In addition to compensation, all First Nations children and families will benefit from a reformed family and child services system.
2. How can people apply for compensation?
Details on eligibility and the application process are still being determined and will be shared once a final settlement agreement is reached.
3. How much will each person receive?
The total amount of $20 billion for compensation and $19.807 billion for long term system reform comes under the two Agreements-in-Principle.
The next step is to negotiate the Final Settlement Agreement by Spring 2022. From there the eligibility and compensation amounts will be determined, which will then be approved by the courts. A lot of work needs to be conducted before the amounts for individual compensation are released, including reviewing data on children in care and Jordan’s Principle since 1991.
The AFN will be setting up a help desk to answer questions and provide guidance as the process unfolds.
4. How soon will people begin to receive compensation? Will it be this year?
The AFN and other parties are working hard to get the compensation distributed by the end of 2022 or early 2023. First, the parties will need to negotiate the details of the Final Settlement Agreement. Following that will be a Notice of Certification of the settlement and the approval hearing.
5. Where can people find out more information?
First Nations who want more information can email [email protected] or go to www.afn.ca.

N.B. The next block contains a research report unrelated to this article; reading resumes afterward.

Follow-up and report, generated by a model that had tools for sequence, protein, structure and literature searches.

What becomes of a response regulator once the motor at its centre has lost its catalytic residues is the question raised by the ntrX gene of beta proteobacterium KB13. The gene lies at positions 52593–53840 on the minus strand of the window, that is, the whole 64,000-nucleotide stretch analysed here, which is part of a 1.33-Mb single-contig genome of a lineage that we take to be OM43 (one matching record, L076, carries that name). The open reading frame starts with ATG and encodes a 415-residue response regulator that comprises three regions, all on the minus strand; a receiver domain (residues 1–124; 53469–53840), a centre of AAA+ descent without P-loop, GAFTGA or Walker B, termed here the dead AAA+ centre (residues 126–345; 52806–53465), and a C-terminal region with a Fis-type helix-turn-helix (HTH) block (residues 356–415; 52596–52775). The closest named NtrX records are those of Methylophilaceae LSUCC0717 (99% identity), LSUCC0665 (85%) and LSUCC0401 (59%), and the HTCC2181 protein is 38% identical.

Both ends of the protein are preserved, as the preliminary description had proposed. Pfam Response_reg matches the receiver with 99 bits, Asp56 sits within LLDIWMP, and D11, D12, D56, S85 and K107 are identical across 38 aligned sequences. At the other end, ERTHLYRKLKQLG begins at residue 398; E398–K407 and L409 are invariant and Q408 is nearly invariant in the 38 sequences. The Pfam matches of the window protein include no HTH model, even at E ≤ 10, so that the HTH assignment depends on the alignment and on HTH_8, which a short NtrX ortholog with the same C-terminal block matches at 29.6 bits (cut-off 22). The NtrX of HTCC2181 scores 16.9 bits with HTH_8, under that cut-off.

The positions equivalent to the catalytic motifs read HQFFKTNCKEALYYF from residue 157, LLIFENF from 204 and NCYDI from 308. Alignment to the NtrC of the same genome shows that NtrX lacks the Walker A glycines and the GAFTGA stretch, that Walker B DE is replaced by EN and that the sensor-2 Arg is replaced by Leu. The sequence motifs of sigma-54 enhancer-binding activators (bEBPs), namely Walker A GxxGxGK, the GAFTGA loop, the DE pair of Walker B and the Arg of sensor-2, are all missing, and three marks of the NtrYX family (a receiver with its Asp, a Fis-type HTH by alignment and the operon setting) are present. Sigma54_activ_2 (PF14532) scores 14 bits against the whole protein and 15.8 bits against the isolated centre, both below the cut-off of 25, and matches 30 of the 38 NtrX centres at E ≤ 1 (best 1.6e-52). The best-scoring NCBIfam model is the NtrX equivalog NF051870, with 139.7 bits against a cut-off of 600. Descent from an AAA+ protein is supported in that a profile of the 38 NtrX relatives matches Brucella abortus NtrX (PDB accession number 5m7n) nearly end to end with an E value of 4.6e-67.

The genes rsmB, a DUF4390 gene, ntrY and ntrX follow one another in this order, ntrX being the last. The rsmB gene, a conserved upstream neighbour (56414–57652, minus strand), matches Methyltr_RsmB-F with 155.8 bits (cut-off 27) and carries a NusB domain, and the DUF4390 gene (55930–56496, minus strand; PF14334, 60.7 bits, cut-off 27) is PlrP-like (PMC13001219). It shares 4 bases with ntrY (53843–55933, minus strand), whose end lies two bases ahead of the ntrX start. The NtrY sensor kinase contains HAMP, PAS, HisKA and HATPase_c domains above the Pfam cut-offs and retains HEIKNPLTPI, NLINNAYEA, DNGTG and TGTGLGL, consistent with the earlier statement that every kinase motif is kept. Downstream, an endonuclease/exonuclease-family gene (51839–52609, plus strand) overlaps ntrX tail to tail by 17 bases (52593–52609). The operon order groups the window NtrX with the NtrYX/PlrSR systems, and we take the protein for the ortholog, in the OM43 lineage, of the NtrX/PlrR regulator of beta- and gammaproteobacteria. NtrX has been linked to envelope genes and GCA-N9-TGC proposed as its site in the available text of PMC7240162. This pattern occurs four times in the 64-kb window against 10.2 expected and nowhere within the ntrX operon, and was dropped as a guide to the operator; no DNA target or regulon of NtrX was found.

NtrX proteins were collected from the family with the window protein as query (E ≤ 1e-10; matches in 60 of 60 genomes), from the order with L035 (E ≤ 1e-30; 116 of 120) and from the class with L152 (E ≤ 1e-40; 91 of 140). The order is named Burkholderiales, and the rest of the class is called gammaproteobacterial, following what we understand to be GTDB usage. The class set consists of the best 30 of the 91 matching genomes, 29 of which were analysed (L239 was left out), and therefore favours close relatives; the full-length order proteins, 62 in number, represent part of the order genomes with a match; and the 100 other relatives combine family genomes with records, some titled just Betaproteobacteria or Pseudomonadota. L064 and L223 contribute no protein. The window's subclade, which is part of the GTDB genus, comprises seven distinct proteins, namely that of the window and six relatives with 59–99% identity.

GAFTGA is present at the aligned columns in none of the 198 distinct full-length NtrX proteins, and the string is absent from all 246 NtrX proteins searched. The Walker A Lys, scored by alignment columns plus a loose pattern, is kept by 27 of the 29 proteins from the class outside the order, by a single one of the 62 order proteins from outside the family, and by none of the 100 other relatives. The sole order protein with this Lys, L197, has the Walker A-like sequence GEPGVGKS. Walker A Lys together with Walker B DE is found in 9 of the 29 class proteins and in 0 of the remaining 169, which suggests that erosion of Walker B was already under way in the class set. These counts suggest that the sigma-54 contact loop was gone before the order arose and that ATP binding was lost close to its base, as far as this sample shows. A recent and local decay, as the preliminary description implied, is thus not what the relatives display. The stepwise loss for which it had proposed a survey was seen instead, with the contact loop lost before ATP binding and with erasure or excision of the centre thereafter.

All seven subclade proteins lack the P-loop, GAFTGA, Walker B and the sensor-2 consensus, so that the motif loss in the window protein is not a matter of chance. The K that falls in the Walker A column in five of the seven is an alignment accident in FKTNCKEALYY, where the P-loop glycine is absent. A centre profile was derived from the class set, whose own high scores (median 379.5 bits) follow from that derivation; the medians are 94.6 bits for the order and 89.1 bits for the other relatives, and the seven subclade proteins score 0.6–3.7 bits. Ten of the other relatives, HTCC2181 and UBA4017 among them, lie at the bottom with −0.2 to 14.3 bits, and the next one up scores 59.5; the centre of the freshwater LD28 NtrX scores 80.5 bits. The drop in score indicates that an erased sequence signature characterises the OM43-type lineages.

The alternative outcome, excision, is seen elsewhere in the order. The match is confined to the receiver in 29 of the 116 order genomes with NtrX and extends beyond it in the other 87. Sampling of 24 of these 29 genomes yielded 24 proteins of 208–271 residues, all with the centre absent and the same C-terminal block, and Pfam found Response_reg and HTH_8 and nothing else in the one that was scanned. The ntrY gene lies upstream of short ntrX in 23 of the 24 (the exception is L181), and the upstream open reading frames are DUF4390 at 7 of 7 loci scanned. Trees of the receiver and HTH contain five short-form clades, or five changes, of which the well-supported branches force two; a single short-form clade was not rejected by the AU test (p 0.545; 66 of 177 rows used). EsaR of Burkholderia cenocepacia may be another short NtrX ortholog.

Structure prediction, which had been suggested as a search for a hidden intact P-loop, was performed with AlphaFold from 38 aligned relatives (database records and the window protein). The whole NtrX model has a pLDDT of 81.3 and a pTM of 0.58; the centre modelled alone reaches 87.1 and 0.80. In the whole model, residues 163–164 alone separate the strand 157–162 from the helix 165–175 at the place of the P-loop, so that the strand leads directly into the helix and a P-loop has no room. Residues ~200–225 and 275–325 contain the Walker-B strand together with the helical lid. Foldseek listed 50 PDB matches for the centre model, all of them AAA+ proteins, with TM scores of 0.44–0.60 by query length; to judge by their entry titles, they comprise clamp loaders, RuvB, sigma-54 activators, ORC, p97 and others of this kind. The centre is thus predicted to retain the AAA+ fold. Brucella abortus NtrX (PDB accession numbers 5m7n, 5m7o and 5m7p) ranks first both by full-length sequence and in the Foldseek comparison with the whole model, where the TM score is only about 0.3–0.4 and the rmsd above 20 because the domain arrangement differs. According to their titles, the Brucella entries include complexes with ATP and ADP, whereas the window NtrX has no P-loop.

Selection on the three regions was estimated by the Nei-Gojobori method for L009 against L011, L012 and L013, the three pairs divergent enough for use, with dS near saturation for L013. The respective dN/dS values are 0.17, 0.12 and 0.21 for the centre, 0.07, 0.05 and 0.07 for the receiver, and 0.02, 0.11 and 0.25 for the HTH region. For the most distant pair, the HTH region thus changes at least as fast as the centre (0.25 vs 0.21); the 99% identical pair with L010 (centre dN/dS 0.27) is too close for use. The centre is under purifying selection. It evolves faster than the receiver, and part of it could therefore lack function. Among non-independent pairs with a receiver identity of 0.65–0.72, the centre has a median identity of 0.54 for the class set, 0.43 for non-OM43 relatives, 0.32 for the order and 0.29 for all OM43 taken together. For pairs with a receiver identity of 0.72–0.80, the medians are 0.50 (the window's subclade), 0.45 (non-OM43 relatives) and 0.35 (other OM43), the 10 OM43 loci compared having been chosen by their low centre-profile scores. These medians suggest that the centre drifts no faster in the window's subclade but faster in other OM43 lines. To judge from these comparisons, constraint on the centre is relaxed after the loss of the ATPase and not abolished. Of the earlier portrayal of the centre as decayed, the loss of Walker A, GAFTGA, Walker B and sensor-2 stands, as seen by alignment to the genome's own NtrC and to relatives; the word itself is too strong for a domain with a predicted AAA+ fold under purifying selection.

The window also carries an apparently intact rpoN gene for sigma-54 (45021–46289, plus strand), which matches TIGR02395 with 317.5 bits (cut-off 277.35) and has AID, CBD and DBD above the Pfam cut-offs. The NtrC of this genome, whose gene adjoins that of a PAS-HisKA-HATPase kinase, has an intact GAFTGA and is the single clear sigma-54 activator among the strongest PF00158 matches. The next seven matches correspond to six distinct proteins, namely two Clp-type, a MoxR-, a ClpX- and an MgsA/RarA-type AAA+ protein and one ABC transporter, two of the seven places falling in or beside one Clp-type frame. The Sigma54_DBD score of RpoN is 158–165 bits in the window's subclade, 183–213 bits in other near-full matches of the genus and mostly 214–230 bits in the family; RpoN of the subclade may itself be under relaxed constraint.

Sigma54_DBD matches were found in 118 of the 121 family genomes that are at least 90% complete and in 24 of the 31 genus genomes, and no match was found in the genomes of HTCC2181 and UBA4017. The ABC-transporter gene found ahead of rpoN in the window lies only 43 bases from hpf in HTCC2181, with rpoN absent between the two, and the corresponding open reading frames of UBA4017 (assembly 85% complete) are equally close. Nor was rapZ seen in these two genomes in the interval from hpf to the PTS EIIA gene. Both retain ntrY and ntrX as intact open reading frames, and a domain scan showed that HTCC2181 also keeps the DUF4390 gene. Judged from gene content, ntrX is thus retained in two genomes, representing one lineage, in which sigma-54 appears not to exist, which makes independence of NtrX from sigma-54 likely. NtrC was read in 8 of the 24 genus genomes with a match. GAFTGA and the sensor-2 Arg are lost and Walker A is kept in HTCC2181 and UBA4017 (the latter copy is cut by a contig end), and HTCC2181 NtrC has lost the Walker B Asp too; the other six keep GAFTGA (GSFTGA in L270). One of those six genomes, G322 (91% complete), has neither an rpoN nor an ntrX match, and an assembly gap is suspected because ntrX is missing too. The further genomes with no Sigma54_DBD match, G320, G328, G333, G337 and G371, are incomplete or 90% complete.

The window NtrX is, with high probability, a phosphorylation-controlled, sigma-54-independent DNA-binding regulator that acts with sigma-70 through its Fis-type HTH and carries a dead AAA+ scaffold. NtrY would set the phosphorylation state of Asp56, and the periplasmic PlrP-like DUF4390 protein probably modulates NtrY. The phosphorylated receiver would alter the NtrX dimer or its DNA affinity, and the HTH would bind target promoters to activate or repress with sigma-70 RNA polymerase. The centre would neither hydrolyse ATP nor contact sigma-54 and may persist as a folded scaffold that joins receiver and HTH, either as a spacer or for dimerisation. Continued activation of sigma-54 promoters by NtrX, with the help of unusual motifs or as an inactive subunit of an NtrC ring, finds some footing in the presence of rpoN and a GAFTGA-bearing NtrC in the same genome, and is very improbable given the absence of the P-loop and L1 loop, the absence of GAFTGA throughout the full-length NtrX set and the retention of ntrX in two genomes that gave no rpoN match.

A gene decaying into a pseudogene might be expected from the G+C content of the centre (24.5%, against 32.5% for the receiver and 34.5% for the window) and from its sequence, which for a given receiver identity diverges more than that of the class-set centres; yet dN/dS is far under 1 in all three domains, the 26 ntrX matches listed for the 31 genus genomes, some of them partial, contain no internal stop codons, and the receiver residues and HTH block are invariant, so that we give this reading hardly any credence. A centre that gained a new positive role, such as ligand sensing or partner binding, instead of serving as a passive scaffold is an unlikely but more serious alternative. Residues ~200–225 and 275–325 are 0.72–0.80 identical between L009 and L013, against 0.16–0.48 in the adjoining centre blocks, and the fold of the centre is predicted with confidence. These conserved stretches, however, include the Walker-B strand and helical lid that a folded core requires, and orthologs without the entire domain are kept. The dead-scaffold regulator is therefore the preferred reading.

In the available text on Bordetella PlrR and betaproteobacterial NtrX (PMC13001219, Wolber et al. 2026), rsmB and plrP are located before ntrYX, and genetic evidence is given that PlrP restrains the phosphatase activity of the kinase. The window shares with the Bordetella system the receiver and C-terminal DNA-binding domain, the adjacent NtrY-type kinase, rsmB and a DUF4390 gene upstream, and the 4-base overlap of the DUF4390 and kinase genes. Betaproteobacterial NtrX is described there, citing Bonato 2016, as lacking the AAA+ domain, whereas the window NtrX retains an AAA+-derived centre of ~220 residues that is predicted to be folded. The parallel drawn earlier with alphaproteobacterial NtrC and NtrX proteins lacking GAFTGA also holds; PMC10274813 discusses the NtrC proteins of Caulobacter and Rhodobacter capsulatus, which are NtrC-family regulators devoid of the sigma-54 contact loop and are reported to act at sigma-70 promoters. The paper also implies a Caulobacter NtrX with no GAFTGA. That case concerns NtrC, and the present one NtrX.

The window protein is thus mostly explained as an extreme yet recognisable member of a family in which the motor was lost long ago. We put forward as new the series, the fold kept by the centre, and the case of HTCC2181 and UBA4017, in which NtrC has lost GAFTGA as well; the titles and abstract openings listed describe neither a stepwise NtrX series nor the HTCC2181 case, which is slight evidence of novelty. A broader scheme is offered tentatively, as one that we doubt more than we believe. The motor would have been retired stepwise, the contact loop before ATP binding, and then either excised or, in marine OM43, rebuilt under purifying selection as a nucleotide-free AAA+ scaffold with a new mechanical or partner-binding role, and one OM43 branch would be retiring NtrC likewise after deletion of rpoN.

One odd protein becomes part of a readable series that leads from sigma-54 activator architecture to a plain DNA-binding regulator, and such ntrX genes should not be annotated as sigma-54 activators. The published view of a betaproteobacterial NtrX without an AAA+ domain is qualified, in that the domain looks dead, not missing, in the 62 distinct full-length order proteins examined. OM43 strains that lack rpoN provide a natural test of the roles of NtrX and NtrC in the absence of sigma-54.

First Nations Child and Family Services System Reform
6. How will the $19.807 billion for system reform be allocated?
The Reformed Child and Family Services Funding Approach will provide funding for:
- National baseline funding for child and family services, which is the actual cost of a child in care.
- Top-up funding for prevention, information technology, results, emergency funds, poverty, remoteness and geography, capital asset replacement, capital maintenance and recapitalization. These funds will support First Nations to have what they need to deliver the programs and services for children and families that they wish to.
- A National First Nations Secretariat to provide technical, operational and data support to First Nations and Agencies.
- First Nations Representative Services to ensure that child and family services are culturally appropriate and meet the needs of First Nations.
- Major Capital Infrastructure to ensure First Nations have the facilities needed to deliver services, in alignment with the Canadian Human Rights Tribunal’s order on capital (2021 CHRT 41).
7. When will people start to see a different First Nations Child and Family Services Program?
There is commitment from the AFN and the Government of Canada to move ahead as quickly as possible. The AFN is seeking a system that is based on wellbeing outcomes and focused on prevention.
Some elements of the Agreement-in-Principle and the funding related to system reform may begin rolling out this year, such as supports to assist parents that will keep a child in the home, and extending the age-out of the program to 25 by April 2022. Other reforms will take more time to design and implement.
8. The announcement is for $40 billion. Where’s the balance of the funds for reform going?
Indigenous Services Canada’s administration costs will be covered by the balance.